For many years, I noted Remembrance Sunday but it only became really meaningful when I had children as, suddenly, I identified with the sacrifice of families with lives torn apart by war, who lost children or simply lost their dreams.

My poppy invariably falls off my coat and is lost well before Remembrance Sunday so I often used crocheted poppies or badges instead.  I always buy a red poppy and donate to the Royal British Legion charity: I am only too aware of the impact of Post Traumatic Stress Disorder on ex-servicement and women who have survived conflict and need constant support which, often, they do not receive.

Others decide not to wear a poppy at all perhaps because they refuse to participate in what they see as the glorification of war; perhaps they are pacifists; perhaps they refuse to co-operate with bullying from far right groups such as Britain First who engage in twisted bullying on Facebook and other social media and imply that people who do not wear a poppy (or who simply aren’t wearing one THAT day and on THAT coat) are somehow unpatriotic and anti-British.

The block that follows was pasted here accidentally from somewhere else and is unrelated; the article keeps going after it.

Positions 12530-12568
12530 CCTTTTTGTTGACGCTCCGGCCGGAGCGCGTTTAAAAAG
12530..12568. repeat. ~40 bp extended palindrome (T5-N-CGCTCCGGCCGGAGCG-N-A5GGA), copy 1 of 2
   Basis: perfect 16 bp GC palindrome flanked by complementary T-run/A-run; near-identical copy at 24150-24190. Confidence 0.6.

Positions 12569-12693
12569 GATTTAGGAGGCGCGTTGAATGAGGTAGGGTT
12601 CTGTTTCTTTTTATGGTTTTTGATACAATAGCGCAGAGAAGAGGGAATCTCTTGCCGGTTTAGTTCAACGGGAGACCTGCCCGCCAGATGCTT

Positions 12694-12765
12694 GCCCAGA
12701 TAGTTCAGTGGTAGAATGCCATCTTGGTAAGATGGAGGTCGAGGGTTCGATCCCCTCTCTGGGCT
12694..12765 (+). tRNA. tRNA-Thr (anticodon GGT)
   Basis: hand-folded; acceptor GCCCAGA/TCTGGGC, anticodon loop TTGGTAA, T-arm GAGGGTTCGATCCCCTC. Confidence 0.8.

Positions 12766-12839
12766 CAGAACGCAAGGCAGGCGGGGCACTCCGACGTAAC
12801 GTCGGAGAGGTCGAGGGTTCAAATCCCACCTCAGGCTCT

When I was a teenager, I wore a white poppy one year and braved the scowls of a lot of people. At that time I was a member of the Campaign for Nucleatr Disarmament and an idealist pacifist. I am no longer any of those things.

It is up to individual people whether or not they wear a red or white poppy or a paw poppy (to remember animals used in warfare or caught up in it) or no poppy at all. That is, we are told, exactly why troops went to war: for our freedom to express ourselves how we choose.

I like to participate in public acknowledgements of Remembrance, even if that means standing by my steaming iron for two minutes, listening to the silence on the radio as I did this morning. I have always encouraged the offspring to take part in Remembrance ceremonies – we had a lovely rendition of the Last Post as usual in our BYCB concert tonight – as an appreciation of history is vital in our understanding the world. The Boywonder was telling us last week that he is anxious to attend Remembrance events when he leaves university. An ex-cadet, cadet bandsman, and avid History student, Remembrance has become enmeshed in his life.